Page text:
Our Opinion: An F in logic
Grades given to all 50 states in educational quality by the nationally circulated Education Week received widespread coverage by other media.
Iowa was given a mediocre C- as an overall grade, in part, because of an F grade for the state in standards and accountability.
Iowa is the only state that has no statewide standards in English, math, science and social studies, leaving such standards up to individual school districts to determine in a process that is overseen by the Iowa Department of Education.
Since Iowa has no state standards, how could it receive any grade other than an F? It's like judging the quality of the state's ocean beaches. Iowa would receive an F for that too.
Although the absence of ocean beaches is admittedly a disadvantage for the state, the absence of statewide standards for core education areas is not a self-evident disadvantage.
The state has long maintained a high level of academic quality in its public school system, judging from the consistently high average scores on nationally standardized tests given at high schools, middle schools and elementary schools.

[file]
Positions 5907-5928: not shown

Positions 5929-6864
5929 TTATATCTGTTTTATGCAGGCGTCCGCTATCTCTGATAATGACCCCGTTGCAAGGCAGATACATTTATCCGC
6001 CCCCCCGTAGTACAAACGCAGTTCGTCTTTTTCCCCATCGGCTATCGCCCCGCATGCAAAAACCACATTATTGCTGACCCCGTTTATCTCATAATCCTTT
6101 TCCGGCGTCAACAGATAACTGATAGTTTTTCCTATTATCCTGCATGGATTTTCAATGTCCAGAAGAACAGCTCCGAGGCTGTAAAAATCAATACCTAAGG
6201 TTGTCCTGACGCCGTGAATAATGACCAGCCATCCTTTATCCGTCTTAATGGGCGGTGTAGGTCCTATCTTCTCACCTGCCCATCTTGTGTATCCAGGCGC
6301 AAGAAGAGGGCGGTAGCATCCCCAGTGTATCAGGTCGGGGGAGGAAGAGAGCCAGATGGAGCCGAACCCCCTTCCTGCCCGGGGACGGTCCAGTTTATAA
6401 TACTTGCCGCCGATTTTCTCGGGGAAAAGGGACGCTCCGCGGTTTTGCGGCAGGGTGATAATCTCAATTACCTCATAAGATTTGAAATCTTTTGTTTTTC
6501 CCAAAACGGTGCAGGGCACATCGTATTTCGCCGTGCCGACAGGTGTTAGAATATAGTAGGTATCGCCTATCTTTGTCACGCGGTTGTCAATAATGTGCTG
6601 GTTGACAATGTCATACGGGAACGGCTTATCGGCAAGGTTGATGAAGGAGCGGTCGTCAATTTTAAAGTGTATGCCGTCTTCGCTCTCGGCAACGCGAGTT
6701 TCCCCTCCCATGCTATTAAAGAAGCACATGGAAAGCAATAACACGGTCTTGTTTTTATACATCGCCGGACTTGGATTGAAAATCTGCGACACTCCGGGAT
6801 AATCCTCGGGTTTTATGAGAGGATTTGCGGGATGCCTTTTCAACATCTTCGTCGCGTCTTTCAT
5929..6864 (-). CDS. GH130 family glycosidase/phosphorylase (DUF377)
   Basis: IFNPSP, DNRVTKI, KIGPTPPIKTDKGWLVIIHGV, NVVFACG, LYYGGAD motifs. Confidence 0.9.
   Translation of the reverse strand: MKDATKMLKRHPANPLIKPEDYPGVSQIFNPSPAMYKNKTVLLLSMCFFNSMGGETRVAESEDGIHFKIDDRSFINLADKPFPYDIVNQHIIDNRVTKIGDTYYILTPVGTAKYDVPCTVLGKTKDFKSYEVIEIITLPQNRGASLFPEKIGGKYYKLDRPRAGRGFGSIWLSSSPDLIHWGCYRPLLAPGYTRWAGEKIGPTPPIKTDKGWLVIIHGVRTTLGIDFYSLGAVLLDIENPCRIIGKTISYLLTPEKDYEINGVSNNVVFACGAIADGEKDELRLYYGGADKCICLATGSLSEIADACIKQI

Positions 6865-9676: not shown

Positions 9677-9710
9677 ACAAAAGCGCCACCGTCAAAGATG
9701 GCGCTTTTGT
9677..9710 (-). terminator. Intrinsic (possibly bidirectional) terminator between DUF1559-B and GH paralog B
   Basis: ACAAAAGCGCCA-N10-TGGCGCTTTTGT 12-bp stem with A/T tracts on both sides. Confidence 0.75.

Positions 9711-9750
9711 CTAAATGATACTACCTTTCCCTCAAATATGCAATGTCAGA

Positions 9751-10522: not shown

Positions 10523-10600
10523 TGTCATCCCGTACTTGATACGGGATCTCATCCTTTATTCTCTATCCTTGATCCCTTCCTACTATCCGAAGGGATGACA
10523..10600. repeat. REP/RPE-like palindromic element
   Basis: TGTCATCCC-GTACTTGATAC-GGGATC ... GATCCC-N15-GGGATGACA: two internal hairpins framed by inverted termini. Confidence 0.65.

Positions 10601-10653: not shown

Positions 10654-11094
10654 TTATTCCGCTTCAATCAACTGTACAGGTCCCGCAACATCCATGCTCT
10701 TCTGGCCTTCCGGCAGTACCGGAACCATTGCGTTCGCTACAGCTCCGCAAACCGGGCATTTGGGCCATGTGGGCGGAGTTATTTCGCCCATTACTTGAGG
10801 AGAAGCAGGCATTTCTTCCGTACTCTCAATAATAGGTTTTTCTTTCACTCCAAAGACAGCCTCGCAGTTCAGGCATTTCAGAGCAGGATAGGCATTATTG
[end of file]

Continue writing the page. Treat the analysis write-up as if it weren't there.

The school boards across the state appear to be doing a conscientious job in establishing standards for educational quality. If there are any districts falling through the cracks because of local indifference or incompetence, we do not know of them.
The horror stories of wholesale failures of school systems to educate students come from urban areas outside of Iowa, in states that have statewide education standards.
We believe results are the most important measure, the only significant measure, of the quality of an educational process.
There is oversight by the Iowa government of local standard setting . Because of pressure from the federal government, this oversight of local control will become increasingly and unnecessarily intrusive.
Why is there pressure to fix something that isn't broke?
We have to look at the alleged problem through the eyes of the writing staff at Education Week. As a practical matter, they cannot evaluate the educational programs at every school district in the country. The sin of Iowa's decentralized educational system does not result from the quality of the results but the difficulty it poses to the writing staff of Education Week.
Journalists working for national media share the same psychology as bureaucrats working for the federal government. Any effect that they strive for is at the national level, or at the minimum, at the state level, certainly not at the local level. It is the nature of their jobs.
So if centralized control of education is so desirable, why not have such control over other aspects of our lives, such as commerce?
Wouldn't it be more efficient and equitable for the central government to control all business activities?
We wonder if this has been tried anywhere.